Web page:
Battle Royale (18)

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The ViewLondon Review

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Review byMatthew Turner17/09/2001

Four out of five stars
Running time: 113 mins

Controversial Japanese horror flick that crosses ‘reality TV’ with Lord of the Flies – sharply written, bloody, and darkly funny, this is a cut above your usual exploitation fare.

Some time in the future, the Japanese government has introduced a radical measure to cut down on juvenile crime – a randomly selected high school class of 42 students is gassed, stranded on a desert island, then given weapons and three days in which to kill each other.

Only one student can survive, otherwise the collar-bombs around their necks will explode…

Initially, it is hard to keep track of all 42 characters, though fortunately the film immediately sets about whittling down that number and an onscreen scorecard helps you keep track.

Also, since each character is given a different weapon (some more useful than others), it’s often easier to remember who’s who from their weapons. (This leads to one of the funniest lines in the film: "Ah. Pot lid and Binoculars. How’s it going?")

What really makes the film work is that the situation heightens all the usual high-school paranoia and rivalries, so that you get one character gleefully killing another because "you stole my boyfriend!", another pleading for her life by saying "I wasn’t part of your clique, but I always liked you!" and so on.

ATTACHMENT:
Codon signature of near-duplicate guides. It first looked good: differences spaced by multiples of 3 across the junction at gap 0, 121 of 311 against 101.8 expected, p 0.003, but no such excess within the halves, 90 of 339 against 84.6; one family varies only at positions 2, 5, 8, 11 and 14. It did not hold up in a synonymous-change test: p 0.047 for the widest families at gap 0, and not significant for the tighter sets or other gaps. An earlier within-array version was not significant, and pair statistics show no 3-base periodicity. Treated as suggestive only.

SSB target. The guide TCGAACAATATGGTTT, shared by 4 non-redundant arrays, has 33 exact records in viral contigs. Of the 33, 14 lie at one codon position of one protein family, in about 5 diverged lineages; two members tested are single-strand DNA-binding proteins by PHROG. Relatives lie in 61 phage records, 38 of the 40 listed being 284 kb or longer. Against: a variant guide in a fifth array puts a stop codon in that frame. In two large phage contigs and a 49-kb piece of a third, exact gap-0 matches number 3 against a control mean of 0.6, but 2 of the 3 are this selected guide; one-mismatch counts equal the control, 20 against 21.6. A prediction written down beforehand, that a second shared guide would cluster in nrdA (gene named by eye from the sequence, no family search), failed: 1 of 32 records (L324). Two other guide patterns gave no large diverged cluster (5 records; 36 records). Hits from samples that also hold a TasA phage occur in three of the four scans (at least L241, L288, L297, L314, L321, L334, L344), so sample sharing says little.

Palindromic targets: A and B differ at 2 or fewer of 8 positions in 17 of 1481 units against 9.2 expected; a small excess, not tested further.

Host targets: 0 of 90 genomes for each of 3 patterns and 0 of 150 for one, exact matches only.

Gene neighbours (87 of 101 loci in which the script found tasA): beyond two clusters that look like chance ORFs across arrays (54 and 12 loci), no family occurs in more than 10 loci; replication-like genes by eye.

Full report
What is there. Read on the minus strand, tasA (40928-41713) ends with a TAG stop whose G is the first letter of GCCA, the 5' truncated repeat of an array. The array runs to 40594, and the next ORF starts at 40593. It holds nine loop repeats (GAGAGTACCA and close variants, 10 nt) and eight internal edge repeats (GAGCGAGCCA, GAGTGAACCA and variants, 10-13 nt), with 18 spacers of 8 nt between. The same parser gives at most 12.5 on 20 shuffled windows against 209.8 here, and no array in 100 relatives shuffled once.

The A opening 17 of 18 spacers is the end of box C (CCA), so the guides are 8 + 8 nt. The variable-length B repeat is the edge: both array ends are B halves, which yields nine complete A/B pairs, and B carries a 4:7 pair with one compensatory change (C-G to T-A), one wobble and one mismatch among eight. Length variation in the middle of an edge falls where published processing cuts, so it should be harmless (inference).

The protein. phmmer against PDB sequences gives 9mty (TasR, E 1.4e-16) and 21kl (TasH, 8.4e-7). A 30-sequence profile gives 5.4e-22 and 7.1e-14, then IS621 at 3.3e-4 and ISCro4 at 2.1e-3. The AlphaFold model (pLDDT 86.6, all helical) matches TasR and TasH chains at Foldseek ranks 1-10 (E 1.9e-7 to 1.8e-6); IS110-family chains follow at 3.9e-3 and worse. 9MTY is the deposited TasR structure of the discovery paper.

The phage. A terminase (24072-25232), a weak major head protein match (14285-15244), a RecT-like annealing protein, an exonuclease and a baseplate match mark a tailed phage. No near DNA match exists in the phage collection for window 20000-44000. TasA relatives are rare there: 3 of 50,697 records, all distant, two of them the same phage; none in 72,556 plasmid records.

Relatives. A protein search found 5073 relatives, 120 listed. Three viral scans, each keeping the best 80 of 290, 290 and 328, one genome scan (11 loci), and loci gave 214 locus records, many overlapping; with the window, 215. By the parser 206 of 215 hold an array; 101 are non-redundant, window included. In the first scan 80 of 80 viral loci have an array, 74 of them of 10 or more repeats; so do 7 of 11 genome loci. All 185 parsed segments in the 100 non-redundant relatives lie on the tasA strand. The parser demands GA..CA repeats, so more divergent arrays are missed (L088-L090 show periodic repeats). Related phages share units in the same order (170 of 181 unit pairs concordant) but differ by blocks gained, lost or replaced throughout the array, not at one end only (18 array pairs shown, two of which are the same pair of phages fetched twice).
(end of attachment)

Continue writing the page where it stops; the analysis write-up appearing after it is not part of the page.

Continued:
There are definite plot-holes (such as, if the whole thing is supposed to be televised, how come none of them have heard of it), but it has such a strong central premise and moves along so swiftly that you have no choice but to go along for the ride.

There’s a lot of humour in the film (particularly the extremely perky ‘instruction video’) and Takeshi Kitano has a blast in his role as a sort of master-of-ceremonies. Make no mistake, however, this is a very violent and bloody film – definitely not for the squeamish.

It remains to be seen just how much of a fuss the Daily Mails of the world will kick up over this. However, if you can take the violence, then this is a hugely enjoyable exploitation film, and a rare example of a foreign film where you’d actually be quite pleased to see the American remake. Recommended.

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Content updated: 26/09/2018 03:50

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